The two vertical ribbons on the apron are generally thought of as remnants of the Operative apron, which was at times worn with the chest flap down and tied at the waist in the front. When worn like this the frayed ends of the tied strings would dangle down much like our ornamental ribbons today. However there are other things these two ribbons can remind us of. First are the two pillars which were on the front porch of King Solomon's Temple, Boaz and Jachin. Of course that calls all of their symbolism to mind. We can also be reminded of the two parallel lines of the first degree which represented Saint John the Baptist and Saint John the Evangelist and then remember that their teachings are meant to be guidelines for our own behaviour.

The seven tassles suspended from each ribbon are generally thought to remind us of the seven liberal arts and sciences. They can also remind us of the four sides of the rectangular apron and the three sides of the triangular flap, the first representing the material nature of the universe, the second the spiritual nature and therefore once again we have a reminder of universality. They also can be taken to represent the seven primary colors which when united result in white light which is always the symbol of perfect knowledge.

The three rosettes on the apron, in addition to the thoughts expressed earlier, can remind us of all the threes we have been exposed to in Freemasonry:

- Brotherly Love, Relief and Truth
- Square, level and plumb
- Morality, equality and rectitude of life
- Wisdom, strength and beauty - Doric, Ionic and Corinthian
- Three Grand Masters at the Temple - Three Master Masons to form a Lodge
- Three Great Lights
- Three lesser lights
- Three degrees
- Etc.

The five exposed angles of the apron when worn are emblematical of the five points of fellowship (two right angles and the three angles of the triangle).

The three angles of the triangle, the five exposed angles of the worn apron, and the sum of the four sides of the rectangle and the three sides of the triangle being seven gives us a reference to the three, five and seven steps of the flight of winding stairs to the middle chamber. This of course brings to mind our three Grand Masters, the three degrees, the five orders of architecture, the five senses of human nature and the seven liberal arts and sciences.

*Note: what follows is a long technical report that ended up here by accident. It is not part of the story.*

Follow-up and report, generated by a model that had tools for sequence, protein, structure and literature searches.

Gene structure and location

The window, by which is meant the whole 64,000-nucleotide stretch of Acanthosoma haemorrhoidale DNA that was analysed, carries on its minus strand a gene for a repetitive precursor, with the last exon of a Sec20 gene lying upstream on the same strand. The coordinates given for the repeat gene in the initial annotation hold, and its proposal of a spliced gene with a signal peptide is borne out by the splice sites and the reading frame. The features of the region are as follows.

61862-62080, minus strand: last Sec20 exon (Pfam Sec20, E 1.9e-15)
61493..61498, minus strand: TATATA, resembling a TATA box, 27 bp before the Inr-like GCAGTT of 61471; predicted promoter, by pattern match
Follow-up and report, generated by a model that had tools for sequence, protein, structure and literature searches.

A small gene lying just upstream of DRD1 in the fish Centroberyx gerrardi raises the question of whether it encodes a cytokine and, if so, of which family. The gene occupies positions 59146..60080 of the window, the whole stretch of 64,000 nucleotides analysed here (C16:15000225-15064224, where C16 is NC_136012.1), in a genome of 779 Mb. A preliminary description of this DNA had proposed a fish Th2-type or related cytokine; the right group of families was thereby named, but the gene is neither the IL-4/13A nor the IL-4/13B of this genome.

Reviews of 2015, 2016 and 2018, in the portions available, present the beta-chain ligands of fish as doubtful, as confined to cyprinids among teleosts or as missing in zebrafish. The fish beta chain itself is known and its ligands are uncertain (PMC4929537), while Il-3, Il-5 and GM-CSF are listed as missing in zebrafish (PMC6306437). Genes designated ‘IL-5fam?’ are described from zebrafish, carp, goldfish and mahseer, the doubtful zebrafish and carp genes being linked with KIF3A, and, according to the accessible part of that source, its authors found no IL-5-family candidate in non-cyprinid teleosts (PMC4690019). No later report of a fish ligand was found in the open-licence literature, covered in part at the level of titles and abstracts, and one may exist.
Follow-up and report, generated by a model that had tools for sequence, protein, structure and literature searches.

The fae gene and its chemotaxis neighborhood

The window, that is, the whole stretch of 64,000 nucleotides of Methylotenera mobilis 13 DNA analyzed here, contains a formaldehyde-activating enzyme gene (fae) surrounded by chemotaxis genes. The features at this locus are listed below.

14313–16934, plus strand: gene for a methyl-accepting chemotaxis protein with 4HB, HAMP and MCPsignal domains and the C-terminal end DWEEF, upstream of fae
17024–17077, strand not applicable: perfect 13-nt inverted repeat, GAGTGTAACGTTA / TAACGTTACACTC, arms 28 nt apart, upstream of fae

The belt or tie strings are generally recognized as a reminder of "the length of our cabletow". When attached the belt forms a complete circle around the body and this can remind us of the eternal nature of God, no beginning and never ending.

The three primary shapes contained within the apron, the circle, triangle and the rectangle, are emblematical of the spirit, the three fold revelation of God and the material universe or man (for in the creation of man all the elements of the universe were united). Therefore our apron represents the totality of nature as we know it.

It is unclear whether our Brethren designed our apron in 1813 with all of this in mind or if it was just fortunate that the parts fit so many lessons. What is important to us is that we never wear our apron as a mere piece of clothing but remember instead that it is a teaching tool and a reminder of the lessons we have learned during our progress in Freemasonry.

Finally, may you ever wear this apron with pride, and rest assured: if you never disgrace this apron, it will never disgrace you.

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Last modified: March 22, 2014